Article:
Scott killed SB 1992 Thursday, warning that relaxing the background screening could pose a risk to seniors.

But community organizations and senior advocates had sought the change, saying that a 2010 law revamping background checks left Meals on Wheels and other groups struggling to pay the costs of additional screening or having to ask volunteers to pay close to $45 each out of their own pocket for the check.

Johnson also ridiculed Scott for endorsing the Legislature’s decision to reduce the level of mandatory staffing at nursing homes, even as the governor contended he was watching out for seniors.

“It is odd that Gov. Scott vetoed this bill, but signed legislation that puts frail seniors more at risk — the law allowing nursing homes to reduce nursing care for the frailest of all Floridians,” Johnson said. “There is an abundance of evidence that cutting nursing-home staffing standards leads directly to serious, even tragic, health problems for nursing-home residents.”

Scott in his veto indicated he was planning to sign an executive order intended at reviewing the state’s policy for background screening. He suggested this might lead to some help for caregiving organizations facing shortfalls in both money and volunteers.

But Rep. Mark Pafford, D-West Palm Beach, also said Scott was off-base with his veto. Pafford, who develops business partnerships for The Lord’s Place shelter in West Palm Beach, said the veto, “makes it very clear that he does not have either the information or the knowledge to make consistent decisions when it comes to executing bills passed by the Florida Legislature.”

FPL rate hike case kicks off

Wednesday, January 13th, 2010 by Dara Kam

The Florida Public Service Commission will spend the day deciding on how much – if any – Florida Power & Light Co. deserves of the $1.2 billion rate hike it seeks.

Today’s proceeding, expected to last until this evening, began with a discussion from Commissioner Nathan Skop about the Juno Beach-based utility’s requested 12.5 percent return on equity – profitability to shareholders – and how much money that would require for customers to pay.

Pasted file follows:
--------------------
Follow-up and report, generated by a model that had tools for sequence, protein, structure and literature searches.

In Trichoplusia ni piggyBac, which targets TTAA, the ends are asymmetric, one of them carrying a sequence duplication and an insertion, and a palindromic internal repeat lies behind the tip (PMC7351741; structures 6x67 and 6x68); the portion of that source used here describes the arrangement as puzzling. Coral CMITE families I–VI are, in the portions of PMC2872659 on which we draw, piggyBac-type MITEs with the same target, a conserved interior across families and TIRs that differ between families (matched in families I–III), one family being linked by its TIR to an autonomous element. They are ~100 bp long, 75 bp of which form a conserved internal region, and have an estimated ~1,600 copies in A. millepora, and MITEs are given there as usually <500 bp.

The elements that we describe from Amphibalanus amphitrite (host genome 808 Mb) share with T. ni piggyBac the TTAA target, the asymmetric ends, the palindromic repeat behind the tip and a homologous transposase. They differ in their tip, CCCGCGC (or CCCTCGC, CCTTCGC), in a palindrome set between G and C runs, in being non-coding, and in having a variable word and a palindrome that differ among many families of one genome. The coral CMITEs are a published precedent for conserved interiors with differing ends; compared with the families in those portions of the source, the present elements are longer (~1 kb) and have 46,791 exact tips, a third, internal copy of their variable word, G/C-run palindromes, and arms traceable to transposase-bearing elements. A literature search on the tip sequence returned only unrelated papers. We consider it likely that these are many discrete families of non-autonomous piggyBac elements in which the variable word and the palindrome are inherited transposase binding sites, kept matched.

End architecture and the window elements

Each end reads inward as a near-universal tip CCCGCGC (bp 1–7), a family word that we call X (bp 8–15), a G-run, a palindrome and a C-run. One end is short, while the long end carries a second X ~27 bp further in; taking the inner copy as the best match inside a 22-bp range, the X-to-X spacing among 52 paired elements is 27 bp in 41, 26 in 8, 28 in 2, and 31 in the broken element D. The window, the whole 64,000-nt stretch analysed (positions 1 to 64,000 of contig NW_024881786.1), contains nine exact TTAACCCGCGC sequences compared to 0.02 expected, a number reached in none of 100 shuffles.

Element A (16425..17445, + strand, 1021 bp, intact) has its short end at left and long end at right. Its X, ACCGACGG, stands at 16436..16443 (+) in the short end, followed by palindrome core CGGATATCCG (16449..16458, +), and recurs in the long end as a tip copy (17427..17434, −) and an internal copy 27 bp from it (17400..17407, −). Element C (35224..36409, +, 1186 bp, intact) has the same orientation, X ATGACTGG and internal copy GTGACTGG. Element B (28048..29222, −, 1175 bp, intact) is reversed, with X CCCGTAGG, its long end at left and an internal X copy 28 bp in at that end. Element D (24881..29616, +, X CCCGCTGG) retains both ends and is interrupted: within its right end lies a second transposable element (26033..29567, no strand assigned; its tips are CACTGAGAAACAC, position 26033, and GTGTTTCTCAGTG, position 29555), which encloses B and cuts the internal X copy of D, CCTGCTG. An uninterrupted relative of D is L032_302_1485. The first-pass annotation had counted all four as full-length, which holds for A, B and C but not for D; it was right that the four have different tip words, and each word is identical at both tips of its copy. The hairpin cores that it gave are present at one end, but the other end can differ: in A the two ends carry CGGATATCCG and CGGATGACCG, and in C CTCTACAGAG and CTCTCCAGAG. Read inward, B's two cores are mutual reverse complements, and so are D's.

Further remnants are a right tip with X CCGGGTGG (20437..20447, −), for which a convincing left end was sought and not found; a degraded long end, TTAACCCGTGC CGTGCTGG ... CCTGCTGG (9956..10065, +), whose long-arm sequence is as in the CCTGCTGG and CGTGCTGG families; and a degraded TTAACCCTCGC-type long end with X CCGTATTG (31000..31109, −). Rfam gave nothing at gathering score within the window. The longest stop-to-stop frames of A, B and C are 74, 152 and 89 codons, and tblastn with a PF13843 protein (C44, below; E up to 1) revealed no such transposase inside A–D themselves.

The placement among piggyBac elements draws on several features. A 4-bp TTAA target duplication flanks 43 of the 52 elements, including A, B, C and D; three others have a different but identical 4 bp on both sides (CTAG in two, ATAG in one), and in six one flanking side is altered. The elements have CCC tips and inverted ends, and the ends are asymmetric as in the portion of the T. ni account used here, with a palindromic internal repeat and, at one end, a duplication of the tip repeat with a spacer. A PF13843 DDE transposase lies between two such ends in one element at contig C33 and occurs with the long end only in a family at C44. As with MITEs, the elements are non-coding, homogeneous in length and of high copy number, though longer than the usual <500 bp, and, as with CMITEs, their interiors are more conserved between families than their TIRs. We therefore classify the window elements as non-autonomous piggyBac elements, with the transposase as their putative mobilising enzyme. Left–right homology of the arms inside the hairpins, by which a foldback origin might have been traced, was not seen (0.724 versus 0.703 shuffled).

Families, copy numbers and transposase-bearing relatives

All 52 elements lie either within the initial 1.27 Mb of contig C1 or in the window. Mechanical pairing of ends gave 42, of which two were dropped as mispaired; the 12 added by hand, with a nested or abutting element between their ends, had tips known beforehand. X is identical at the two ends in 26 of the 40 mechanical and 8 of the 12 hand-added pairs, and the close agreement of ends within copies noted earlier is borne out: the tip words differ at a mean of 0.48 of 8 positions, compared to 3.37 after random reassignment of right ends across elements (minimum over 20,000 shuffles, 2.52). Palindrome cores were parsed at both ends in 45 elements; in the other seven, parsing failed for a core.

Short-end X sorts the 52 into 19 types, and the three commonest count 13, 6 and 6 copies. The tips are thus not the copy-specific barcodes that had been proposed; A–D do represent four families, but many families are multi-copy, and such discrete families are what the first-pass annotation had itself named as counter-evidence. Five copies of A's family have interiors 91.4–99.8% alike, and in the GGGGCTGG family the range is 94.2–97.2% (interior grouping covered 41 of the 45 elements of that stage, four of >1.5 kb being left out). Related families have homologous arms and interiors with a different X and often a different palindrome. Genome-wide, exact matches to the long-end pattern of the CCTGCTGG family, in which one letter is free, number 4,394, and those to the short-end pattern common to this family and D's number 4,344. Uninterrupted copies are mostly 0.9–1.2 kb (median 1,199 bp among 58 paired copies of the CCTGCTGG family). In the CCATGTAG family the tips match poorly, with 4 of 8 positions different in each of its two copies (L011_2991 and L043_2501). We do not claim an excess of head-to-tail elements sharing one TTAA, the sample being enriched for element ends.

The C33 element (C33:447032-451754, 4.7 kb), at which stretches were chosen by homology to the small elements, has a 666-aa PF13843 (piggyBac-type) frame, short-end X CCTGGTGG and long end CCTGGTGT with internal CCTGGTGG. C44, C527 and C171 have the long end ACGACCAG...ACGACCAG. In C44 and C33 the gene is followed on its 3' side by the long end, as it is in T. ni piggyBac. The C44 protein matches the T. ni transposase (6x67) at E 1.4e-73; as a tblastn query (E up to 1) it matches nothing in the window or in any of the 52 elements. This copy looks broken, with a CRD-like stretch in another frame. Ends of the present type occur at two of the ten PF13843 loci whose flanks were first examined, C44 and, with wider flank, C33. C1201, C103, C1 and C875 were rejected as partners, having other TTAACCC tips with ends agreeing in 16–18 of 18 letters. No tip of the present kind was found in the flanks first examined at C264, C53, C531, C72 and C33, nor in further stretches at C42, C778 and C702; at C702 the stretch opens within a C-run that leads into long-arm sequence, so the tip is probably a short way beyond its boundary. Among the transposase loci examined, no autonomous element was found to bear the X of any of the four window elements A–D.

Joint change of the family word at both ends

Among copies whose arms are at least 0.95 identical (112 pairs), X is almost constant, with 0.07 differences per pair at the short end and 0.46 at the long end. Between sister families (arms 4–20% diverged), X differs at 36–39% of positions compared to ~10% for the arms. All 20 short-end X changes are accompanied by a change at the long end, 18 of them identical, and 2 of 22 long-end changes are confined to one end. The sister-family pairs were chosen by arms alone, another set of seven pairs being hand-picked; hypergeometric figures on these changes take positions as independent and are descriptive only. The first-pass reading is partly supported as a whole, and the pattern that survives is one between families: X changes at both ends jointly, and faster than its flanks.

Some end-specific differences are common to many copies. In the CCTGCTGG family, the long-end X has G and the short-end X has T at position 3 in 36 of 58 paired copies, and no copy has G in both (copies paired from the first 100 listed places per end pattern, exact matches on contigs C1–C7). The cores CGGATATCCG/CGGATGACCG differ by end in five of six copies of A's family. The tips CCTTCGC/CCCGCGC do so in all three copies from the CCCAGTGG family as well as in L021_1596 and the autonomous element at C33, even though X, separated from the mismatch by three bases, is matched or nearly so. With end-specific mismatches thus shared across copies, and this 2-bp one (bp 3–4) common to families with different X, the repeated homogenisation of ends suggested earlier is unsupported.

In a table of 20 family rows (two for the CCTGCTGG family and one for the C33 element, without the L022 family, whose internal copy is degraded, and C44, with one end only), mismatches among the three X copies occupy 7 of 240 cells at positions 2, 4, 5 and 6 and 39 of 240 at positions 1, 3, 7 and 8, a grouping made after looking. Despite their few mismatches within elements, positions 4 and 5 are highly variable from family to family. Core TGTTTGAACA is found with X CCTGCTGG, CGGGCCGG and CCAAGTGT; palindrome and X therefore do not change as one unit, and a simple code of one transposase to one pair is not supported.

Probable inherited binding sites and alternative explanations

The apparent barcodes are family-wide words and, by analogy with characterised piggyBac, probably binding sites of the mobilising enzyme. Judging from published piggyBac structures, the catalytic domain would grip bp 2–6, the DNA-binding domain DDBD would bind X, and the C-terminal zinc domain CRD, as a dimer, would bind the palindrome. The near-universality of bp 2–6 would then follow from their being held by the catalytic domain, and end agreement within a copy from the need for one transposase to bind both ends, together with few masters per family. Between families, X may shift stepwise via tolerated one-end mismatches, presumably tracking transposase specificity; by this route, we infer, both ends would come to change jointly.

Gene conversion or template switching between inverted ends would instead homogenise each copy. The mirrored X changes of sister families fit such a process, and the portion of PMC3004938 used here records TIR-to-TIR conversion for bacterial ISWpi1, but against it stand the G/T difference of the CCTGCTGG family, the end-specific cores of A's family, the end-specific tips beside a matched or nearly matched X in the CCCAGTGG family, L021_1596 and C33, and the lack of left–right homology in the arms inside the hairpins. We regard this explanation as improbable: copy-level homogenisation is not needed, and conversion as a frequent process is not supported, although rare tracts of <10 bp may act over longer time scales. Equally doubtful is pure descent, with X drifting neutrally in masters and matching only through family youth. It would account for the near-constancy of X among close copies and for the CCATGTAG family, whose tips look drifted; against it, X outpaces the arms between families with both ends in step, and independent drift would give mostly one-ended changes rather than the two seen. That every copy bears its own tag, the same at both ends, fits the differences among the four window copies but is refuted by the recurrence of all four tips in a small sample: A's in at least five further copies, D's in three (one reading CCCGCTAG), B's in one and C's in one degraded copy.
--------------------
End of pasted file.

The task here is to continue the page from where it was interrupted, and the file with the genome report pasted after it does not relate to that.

Watching the debate today are a group of AARP seniors who traveled to Tallahassee from Daytona Beach. AARP opposes the rate hike.

Health reform Halloween scary for seniors?

Wednesday, September 30th, 2009 by Dara Kam

Backers of President Barack Obama’s health care reforms unleashed a television ad in Orlando, Louisville and Washington pillorying Humana’s scare tactics targeting seniors and the plan’s impact on Medicare.

Americans United for Change, Obama’s campaign organization-turned unofficial presidential PR machine, is running the ad and also staging a protest at Humana headquarters in West Palm Beach today at noon.

Last week, the Centers for Medicare and Medicaid Services launched an investigation into Humana Inc.’s possible misuse of beneficiary information to send anti-health care mailers to its Medicare gap coverage enrollees. The Louisville-based insurer is one of the largest Medicare supplemental insurance providers.

Humana sent mailers to seniors in several states, including Florida, containing what could be misleading information about Obama’s plan, warning of cuts to benefits and increases in costs to the popular government-backed insurance plan for seniors.

According to the AARP’s web site, “None of the health care reform proposals being considered by Congress would cut Medicare benefits or increase your out-of-pocket costs for Medicare services.”